Social Security Is Mailing Fewer Statements—It Matters More Than You Think

Apr 13, 2017 / by Michael Natalie, Horsesmouth Associate Editor

Workers who receive paper statements from Social Security are less likely to claim their benefits early, according to new research from Barbara Smith, a senior economist with the Social Security Administration.

Workers may claim their benefits at any age between 62 or 70. Those who claim early may receive more checks over a lifetime, but those who claim later receive a substantially higher monthly check.

Practically speaking, the higher monthly check is usually more worthwhile: You’ll receive more income later in life when other income streams start to dwindle, and should you predecease your spouse, they’ll receive your enhanced monthly check as a survivor benefit.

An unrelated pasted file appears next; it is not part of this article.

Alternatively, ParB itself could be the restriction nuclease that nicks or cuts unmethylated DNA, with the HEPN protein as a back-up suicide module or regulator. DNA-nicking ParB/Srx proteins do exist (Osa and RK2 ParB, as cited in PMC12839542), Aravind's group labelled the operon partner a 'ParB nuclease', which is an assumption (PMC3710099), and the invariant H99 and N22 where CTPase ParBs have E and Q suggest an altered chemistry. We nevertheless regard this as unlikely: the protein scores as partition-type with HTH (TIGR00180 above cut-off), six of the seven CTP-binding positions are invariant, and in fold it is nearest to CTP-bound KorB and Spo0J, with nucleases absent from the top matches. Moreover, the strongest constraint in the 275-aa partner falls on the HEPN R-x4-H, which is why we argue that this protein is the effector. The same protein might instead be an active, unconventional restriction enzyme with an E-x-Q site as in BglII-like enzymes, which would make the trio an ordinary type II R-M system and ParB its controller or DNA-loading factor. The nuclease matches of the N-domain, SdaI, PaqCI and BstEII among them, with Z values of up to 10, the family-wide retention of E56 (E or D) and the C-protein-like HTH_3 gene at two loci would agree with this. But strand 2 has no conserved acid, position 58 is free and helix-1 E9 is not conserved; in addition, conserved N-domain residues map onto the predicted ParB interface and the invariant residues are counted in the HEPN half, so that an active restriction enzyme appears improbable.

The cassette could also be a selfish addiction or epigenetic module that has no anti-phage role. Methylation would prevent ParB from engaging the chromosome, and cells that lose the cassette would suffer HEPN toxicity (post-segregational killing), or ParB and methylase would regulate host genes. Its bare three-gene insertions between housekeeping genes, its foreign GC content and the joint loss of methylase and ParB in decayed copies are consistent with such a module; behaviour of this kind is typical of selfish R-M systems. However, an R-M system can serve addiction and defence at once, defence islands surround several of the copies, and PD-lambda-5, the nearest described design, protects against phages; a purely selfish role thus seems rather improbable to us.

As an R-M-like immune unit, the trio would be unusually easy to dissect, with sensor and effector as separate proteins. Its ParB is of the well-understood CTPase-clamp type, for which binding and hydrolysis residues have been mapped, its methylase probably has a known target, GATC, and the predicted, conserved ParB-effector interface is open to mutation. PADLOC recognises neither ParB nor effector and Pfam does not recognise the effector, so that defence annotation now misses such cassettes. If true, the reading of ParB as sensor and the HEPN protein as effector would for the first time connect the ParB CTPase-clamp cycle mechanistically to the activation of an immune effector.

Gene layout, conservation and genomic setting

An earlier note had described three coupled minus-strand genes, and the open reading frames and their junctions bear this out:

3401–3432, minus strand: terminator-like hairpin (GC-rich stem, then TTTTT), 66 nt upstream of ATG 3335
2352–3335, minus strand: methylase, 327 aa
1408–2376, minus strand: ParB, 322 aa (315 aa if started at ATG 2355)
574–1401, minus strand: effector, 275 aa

The Social Security Administration’s decision to curb its direct mail expenditures will save the department $11.3 million in costs, while preserving paper statements for those 60 and older who haven’t claimed yet. While this seems like a good practical step, Smith’s preliminary research implies Americans have become reliant on paper statements for making informed Social Security claiming decisions, even though they can theoretically access the same information online.


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